At press time (noon), the FCC had yet to start its 11 a.m. meeting to consider the AT&T/BellSouth merger and opening an inquiry into network neutrality.
The two issues were moved from a Thursday meeting to a special Friday meeting to give the FCC more time to work on those controversial items.
An FCC spokesman couldn't gauge the status of the meeting, though a source said it will be delayed, though she was not sure until when. CNBC was reporting at about 11:15 that "the lobbyists haven't shown up yet" for the meeting, suggesting it might be a while.
One source was "increasingly pessimistic" about the prospects.For the last major telcom merger vote--the Adelphia split-up between Comcast and Time Warner-- the FCC delayed the meeting some three hours--including sending out for pizza--while the commissioners worked on an order that a majority could sign off on.
FCC Commissioner Robert McDowell has recused himself from the vote due to the weighing-in on the issue of his former employer, COMPTEL, but he will be there whenever the meeting finally begins to vote on the network neutrality notice of inquiry.
That leaves the commission split 2-2, Republicans and Democrats, with negotiations continuing over what, if any conditions, to put on the merger to make it palatable to one of the two Democratic commissioners who are vocal critics of media consolidation.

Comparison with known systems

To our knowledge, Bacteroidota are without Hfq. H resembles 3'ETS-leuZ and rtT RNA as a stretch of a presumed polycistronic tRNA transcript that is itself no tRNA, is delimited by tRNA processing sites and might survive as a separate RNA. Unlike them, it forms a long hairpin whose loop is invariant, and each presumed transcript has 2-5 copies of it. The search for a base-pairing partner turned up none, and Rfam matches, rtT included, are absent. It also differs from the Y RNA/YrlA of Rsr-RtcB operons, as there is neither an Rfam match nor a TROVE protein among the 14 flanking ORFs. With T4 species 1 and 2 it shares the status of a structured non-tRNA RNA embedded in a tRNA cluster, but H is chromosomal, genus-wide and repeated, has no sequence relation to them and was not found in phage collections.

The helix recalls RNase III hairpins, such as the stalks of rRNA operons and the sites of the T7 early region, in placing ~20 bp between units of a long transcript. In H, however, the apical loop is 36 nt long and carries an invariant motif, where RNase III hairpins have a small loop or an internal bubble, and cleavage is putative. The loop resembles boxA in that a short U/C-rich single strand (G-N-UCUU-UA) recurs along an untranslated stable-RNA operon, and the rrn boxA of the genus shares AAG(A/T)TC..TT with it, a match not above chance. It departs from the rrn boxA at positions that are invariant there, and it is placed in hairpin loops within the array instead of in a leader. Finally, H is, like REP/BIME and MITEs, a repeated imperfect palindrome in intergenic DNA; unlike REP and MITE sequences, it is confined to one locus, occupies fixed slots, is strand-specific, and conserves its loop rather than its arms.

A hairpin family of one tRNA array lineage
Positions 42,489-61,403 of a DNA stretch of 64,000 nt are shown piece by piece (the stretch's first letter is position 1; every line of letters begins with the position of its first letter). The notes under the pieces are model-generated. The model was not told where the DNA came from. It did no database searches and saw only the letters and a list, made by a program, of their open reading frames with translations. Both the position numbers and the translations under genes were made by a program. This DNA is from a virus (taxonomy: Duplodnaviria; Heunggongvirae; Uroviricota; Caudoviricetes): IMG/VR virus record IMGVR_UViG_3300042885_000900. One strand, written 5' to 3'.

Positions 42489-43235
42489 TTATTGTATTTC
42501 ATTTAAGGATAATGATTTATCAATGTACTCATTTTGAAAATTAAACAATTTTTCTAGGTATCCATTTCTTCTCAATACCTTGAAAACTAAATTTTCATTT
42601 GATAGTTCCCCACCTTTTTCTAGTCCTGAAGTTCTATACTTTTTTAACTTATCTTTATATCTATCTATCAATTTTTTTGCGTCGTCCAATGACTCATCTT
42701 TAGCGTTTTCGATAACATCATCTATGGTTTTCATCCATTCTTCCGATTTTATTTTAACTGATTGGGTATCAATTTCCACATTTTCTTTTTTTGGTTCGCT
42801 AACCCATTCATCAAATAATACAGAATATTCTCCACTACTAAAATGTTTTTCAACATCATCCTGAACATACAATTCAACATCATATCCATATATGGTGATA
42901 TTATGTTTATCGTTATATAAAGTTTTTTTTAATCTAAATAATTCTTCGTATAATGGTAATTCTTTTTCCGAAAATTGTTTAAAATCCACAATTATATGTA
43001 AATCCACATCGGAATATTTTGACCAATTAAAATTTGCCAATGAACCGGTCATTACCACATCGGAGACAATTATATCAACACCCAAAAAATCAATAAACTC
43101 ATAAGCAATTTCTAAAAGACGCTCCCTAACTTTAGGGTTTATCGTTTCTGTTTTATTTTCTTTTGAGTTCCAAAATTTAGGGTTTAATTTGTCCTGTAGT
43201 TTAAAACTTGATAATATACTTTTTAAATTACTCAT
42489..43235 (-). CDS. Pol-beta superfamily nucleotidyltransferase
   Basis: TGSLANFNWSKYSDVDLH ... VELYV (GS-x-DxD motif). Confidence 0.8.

Both were highly critical of the Justice Department's decision earlier this week not to impose any conditions on the AT&T/BellSouth merger. DOJ said it found no potential anticompetitive issues that rose to the level of a consent decree.
The DOJ standard is much like that for a district attorney deciding whether to prosecute a case. It only seeks modifications from the parties for at antitrust problems it thinks it could make a case for in court.
The FCC Democrats saw that as an abandonment of consumers and a way to avoid court review of the merger, which is triggered by any consent decree. DOJ defended its decision, saying it came after a lenghty invetigation--seven months--by experienced attorneys examining millions of pages of documents.